250 million year-old bacteria shows INTRASpecies molecular “clock” has stopped

Paradox of Ancient Bacterium

The isolation of microorganisms from ancient materials and the verification that they are as old as the materials from which they were isolated continue to be areas of controversy. Almost without exception, bacteria isolated from ancient material have proven to closely resemble modern bacteria at both morphological and molecular levels. This fact has historically been used by critics to argue that these isolates are not ancient but are modern contaminants introduced either naturally after formation of the surrounding material (for further details, see Hazen and Roeder 2001<$REFLINK> and the reply by Powers, Vreeland, and Rosenzweig 2001<$REFLINK> ) or because of flaws in the methodology of sample isolation (reviewed recently in Vreeland and Rosenzweig 2002<$REFLINK> ). Such criticism has been addressed experimentally by the development of highly rigorous protocols for sample selection, surface sterilization, and contamination detection and control procedures. Using the most scrupulous and well-documented sampling procedures and contamination-protection techniques reported to date, Vreeland, Rosenzweig, and Powers (2000)<$REFLINK> reported the isolation of a sporeforming bacterium, Bacillus strain 2-9-3, from a brine inclusion within a halite crystal recovered from the 250-Myr-old Permian Salado Formation in Carlsbad, NM.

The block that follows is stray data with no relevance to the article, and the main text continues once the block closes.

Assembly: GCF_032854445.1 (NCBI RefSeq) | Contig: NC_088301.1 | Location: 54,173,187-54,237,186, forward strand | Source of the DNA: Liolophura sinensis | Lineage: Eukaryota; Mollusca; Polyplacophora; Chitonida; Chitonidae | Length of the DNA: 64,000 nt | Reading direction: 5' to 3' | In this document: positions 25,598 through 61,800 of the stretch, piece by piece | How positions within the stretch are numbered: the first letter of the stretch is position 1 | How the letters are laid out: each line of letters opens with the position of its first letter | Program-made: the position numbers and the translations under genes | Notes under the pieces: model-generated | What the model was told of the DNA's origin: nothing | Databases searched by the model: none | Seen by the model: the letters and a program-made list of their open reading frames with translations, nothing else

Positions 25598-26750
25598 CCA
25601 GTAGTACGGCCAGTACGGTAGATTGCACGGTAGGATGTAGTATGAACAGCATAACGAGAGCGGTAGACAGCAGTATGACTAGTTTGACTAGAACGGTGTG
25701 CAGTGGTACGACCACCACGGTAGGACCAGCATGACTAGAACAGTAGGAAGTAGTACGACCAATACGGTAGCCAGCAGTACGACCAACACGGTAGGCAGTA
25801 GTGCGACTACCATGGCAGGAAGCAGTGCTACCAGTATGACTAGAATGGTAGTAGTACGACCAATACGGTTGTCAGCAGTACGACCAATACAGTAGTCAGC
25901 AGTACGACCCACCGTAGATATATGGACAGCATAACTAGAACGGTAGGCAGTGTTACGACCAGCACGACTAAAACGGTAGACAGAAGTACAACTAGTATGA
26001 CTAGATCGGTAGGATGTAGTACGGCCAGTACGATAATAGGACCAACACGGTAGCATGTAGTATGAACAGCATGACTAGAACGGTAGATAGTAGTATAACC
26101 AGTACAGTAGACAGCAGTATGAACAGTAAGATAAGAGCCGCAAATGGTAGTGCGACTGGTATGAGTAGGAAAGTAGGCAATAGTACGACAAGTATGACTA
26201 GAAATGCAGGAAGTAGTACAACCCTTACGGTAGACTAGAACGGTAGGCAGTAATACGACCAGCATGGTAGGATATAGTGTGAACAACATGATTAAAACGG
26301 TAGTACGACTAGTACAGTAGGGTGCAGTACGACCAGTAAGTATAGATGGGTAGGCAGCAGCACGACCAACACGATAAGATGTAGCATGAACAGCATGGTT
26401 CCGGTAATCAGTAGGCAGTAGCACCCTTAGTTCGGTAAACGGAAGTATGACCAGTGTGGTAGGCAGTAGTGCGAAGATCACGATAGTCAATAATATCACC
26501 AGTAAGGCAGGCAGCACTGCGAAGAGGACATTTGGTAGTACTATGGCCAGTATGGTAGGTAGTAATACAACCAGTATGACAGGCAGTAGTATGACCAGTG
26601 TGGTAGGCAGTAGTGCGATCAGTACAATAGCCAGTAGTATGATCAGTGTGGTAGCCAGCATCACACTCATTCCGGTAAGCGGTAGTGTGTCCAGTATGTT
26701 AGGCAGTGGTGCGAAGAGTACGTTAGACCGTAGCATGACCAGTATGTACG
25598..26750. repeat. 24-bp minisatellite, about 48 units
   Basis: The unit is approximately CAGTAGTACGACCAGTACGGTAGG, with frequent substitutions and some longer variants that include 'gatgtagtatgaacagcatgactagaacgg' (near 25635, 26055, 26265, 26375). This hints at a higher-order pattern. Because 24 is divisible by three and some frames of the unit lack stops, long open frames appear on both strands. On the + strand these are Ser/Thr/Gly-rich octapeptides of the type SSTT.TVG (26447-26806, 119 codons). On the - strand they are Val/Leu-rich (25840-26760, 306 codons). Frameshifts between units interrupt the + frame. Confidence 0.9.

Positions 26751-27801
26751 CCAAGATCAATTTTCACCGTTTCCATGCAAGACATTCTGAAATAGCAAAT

The evidence presented here clearly indicates that isolate 2-9-3 should be considered a strain of S. marismortui under the established standards of 16S rRNA systematics, which state that isolates sharing >97% identity should be considered as the same species (Stackebrandt and Goebel 1994<$REFLINK> ). But does such a close relationship to modern bacteria mean that isolate 2-9-3 is itself modern? The answer to this question must be sought by resolving what appears to be an increasingly common paradox. We have a large set of rigorous geological and microbiological data which can be interpreted in favor of the antiquity of these organisms, and an equally large set of rigorously obtained molecular data which can be interpreted in favor of their modernity. As it stands, our present molecular work can neither confirm nor disprove the age of isolate 2-9-3.